My son with autism turns 18 this fall. He should be about to begin his senior year of high school. That’s not happening. I was just thinking about what I was doing at his age. I spent the summer before my senior year at Fort Leonard Wood, Mo. wearing camo and combat boots.
Early June 1993. I got on a plane for the first time and flew halfway across the country by myself. I remember the feelings of doubt in my gut as I wondered what the fuck I had gotten myself into, but there was excitement too, and I was pretty happy with the decision I had made. It was my first taste of freedom.
You spend a few days in a reception battalion before you go off to basic training. It was over a weekend and I can remember we actually got to go to a dance one of the last nights. Yeah. It’s not your dad’s boot camp. I met a guy named Greg. He was my two hour long crush for the evening. Later I went on to name my rifle after him.
I had a lot of fun there. I know that is not the point, but I am weird. I loved the camping. I loved the smell of musty canvas tents. I loved playing in the dirt. I loved field chow. I loved the friends. I loved the crazy drill sergeants. I loved the firing range. I loved the smell of gun powder –the only downside of the range was from being right handed, but left eye dominant. You have to lean over the rifle further. Hot spent brass goes down your shirt… into your bra. Just sayin’ –Yeah, I loved it all. Best summer camp, ever.
I still had one year of school to go, but I knew I was going to transfer to the Regular Army and was loving this new beginning. I suppose I cut all the crazy fun short by having a kid at age 21, but I was OK with that because I had lived a million lifetimes in those few short years between high school and parenthood. Great friends, great adventures, drama filled break-ups, hook-ups, parties, fights, love, hate, drunken shenanigans –shit… you name it, I did it. I loved every minute of it and wouldn’t trade a single minute of it.
Those moments helped make me who I am. For better or worse. My choices. Good ones. Bad ones. My life. It was mine to live or fuck up as I saw fit. My beautifully flawed, autonomous life.
My son? Oh, he’s still just pacing the house. Begging me to take him to the store to buy a big bottle of soda. Screaming when a computer program doesn’t work right. I KNOW he wants to be on his own, but he cannot. He will ask me to leave. He will ask if he can drive. I finally had to tell him one day, “Gavin, because of your autism and seizure history, you can never drive a car.” [For those who are not familiar with him, he is nowhere near high functioning. He is severely autistic. He doesn’t effectively communicate. His IQ tests very low. His brain was significantly damaged.]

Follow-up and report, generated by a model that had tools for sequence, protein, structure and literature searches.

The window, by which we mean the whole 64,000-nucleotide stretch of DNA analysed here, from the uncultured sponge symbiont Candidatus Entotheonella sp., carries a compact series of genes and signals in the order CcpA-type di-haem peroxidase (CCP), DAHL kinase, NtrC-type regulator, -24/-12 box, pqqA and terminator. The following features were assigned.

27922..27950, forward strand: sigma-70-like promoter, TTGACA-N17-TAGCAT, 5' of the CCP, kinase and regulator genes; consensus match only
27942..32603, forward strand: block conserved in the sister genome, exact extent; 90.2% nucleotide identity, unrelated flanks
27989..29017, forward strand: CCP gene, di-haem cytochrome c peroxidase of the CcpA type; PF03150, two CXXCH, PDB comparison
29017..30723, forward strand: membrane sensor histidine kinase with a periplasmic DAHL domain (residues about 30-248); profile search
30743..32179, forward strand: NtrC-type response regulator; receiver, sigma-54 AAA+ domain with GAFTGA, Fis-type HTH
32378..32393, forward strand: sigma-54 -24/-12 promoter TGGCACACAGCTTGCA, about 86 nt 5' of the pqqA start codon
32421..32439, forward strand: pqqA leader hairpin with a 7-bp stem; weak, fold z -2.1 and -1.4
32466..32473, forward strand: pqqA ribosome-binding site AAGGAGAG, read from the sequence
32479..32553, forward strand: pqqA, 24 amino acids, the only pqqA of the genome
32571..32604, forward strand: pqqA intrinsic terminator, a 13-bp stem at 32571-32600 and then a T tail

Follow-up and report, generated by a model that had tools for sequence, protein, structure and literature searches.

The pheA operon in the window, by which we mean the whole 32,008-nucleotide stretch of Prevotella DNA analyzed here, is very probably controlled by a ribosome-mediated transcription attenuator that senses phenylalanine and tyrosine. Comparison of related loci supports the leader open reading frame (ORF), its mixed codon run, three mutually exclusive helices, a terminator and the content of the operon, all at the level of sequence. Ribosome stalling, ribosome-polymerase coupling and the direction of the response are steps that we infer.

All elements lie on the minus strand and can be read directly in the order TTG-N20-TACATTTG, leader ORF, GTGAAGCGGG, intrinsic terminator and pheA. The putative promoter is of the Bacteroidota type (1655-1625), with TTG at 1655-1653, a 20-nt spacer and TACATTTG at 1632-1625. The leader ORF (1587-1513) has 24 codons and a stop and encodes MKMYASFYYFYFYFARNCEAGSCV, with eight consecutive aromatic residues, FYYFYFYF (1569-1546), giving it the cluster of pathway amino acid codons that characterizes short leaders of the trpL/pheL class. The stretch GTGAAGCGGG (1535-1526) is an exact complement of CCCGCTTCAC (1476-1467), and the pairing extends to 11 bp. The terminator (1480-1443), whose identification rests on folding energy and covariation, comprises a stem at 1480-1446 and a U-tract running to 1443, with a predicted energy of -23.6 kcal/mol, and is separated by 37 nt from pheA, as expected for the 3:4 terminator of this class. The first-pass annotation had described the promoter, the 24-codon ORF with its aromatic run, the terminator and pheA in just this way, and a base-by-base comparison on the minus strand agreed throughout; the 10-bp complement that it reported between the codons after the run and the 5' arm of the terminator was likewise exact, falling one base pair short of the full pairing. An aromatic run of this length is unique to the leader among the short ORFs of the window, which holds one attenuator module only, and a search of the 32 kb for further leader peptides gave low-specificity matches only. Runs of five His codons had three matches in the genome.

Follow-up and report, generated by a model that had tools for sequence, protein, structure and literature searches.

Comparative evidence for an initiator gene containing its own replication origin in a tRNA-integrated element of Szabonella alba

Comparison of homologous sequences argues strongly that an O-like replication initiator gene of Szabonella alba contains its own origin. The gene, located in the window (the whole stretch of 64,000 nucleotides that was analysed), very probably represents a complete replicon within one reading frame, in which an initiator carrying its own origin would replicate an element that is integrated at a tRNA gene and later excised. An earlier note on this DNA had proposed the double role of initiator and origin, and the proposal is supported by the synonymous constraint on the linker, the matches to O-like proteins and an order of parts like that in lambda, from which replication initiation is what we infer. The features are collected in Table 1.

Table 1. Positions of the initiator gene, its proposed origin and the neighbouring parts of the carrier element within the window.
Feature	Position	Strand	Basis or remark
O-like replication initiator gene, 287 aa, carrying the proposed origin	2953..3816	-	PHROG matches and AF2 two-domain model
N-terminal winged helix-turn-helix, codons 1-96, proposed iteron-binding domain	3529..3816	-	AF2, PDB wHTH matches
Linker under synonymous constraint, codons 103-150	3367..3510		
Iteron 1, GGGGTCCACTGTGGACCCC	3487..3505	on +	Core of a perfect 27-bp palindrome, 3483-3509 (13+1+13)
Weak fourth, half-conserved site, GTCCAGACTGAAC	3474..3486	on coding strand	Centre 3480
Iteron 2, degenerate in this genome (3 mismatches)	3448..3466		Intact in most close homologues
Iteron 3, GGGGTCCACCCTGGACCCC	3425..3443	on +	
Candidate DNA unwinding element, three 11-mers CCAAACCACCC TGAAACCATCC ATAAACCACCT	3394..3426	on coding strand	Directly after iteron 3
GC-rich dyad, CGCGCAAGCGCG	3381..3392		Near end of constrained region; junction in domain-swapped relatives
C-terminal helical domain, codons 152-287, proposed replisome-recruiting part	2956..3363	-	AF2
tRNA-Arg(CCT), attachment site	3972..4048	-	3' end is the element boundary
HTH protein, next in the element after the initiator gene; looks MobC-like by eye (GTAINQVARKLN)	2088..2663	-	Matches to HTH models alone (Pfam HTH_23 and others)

He’ll never get a chance to fuck up big, to fail big. He’ll never get a chance to make decisions without me. He won’t get to learn as he goes –to mold himself into the adult person of his own choosing. He’ll never get a chance win big, to succeed big –to set a goal and prove himself even better than his wildest dreams. I am not saying there is no one in there –but his physical limitations prevent him from exploring his talents. One example, he is extremely musically talented –but his auditory PAIN AND SUFFERING prevent him from developing that talent. (I already know I am going to have people from the ND crowd telling me he CAN and I am selling my son short. But you don’t know MY son’s autism. Period. You don’t live in my house.)
He was robbed. Of his entire autonomous adult life.
He is a child inside, frozen in time. In the body of an adult man.
He won’t be meeting some girl named Kaitlyn at a battalion dance. He won’t be naming his rifle after her. He won’t be making new life-long friends. He won’t get to enjoy the smell of musty tents and gunpowder, or feel the burns from freshly ejected shell casings going down his shirt. No first kiss. No fist fights over a girl. No drunken night time water skiing on a boat with no lights 😉 No college. No high school diploma. No first car. No adult life.
Because Vaccines. Because Autism. Because people didn’t, and still can’t, see what we are doing to generations of children. Yes, I KNOW my son was genetically susceptible to vaccine damage, but that doesn’t make the vaccines less guilty.
We are killing our kids. Literally sometimes, figuratively other times. He was robbed.